Natural disasters and severe weather caused insurers above-average losses of $11 billion in the first half of this year, with a winter storm in southwestern Europe and tornadoes in the U.S. incurring heavy costs, a leading reinsurer said Monday.
Munich Re AG said the costs between January and June were "somewhat above the average for the same period in the past 10 years" of about $10 billion.
Total economic losses, including losses not covered by insurance, were $25 billion, far below the average of $42 billion, Munich Re said. The number of people killed in natural disasters was 3,000 — compared with a 10-year average for the January-June period of 24,000.
However, many of this year's disasters so far hit relatively well-insured areas.
The most expensive single event was a winter storm which hit northeastern Spain and southwestern France in late January and caused insured losses of $2.3 billion, Munich Re said. Total economic losses were $3.8 billion.
That was followed by severe storms and tornadoes in the U.S. in mid-February, with insured losses of $1.35 billion; and another round of U.S. storms and tornadoes in early April, which cost insurers $990 million.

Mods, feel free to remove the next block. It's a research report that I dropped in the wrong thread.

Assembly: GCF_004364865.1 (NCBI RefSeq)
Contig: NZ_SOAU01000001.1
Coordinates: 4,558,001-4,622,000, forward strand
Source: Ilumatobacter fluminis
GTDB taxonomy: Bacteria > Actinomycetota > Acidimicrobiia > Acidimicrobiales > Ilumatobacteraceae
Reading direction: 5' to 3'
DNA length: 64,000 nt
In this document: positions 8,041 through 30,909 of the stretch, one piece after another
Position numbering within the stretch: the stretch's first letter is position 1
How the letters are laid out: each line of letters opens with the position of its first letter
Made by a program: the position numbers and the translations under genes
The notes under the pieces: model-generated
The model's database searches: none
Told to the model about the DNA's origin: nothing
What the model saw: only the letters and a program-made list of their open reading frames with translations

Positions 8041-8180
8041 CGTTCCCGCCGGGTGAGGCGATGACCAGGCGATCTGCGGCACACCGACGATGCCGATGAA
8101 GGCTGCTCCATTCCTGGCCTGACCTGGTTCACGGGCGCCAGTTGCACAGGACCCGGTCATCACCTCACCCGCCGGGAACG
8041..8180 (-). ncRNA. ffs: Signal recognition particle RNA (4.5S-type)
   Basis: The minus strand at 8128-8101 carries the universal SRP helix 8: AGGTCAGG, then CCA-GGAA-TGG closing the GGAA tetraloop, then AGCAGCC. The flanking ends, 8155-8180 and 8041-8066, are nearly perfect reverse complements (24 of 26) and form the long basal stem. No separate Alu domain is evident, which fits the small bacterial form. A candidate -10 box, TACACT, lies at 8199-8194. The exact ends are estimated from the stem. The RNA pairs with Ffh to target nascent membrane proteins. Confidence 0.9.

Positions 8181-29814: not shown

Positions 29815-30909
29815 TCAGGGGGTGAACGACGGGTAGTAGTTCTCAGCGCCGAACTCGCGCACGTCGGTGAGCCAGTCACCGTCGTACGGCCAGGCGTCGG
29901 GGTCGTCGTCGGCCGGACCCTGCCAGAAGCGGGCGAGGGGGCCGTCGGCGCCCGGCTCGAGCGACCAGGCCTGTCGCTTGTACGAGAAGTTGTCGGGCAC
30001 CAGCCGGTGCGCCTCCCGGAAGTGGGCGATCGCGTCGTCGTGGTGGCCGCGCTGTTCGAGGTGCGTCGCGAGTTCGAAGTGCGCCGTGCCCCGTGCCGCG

The deadliest disaster in the first half was May's Cyclone Aila, which hit Bangladesh and India and killed 320 people, Munich Re said. The company gave no figure for economic losses from the cyclone.
Aila was followed by the April 6 earthquake that hit L'Aquila in central Italy, killing 295 people. Munich Re put overall losses from the quake at $2.5 billion but said that, due to low insurance density, insured losses came to just $260 million.
Bush fires in Australia in February killed 173 people, causing total losses of $1.3 billion and insured losses of $770 million.
"Due to climate change [and] heat waves with long periods of drought ... the risk of such fires will further increase in [the] future," Peter Hoeppe, the head of Munich Re's risk research department, said in a statement.
The company noted that natural disaster losses are usually lower in the year's first six months than in the second half, when the annual hurricane season in the Caribbean and North Atlantic gets underway.
In its annual report in late December, Munich Re said insurers' losses from natural disasters for the whole of 2008 came to $45 billion, with two Caribbean hurricanes — Ike and Gustav — the most expensive.
Munich Re, a reinsurer, offers backup policies to companies writing primary insurance policies. Reinsurance helps spread risk so that the system can handle large losses from natural disasters.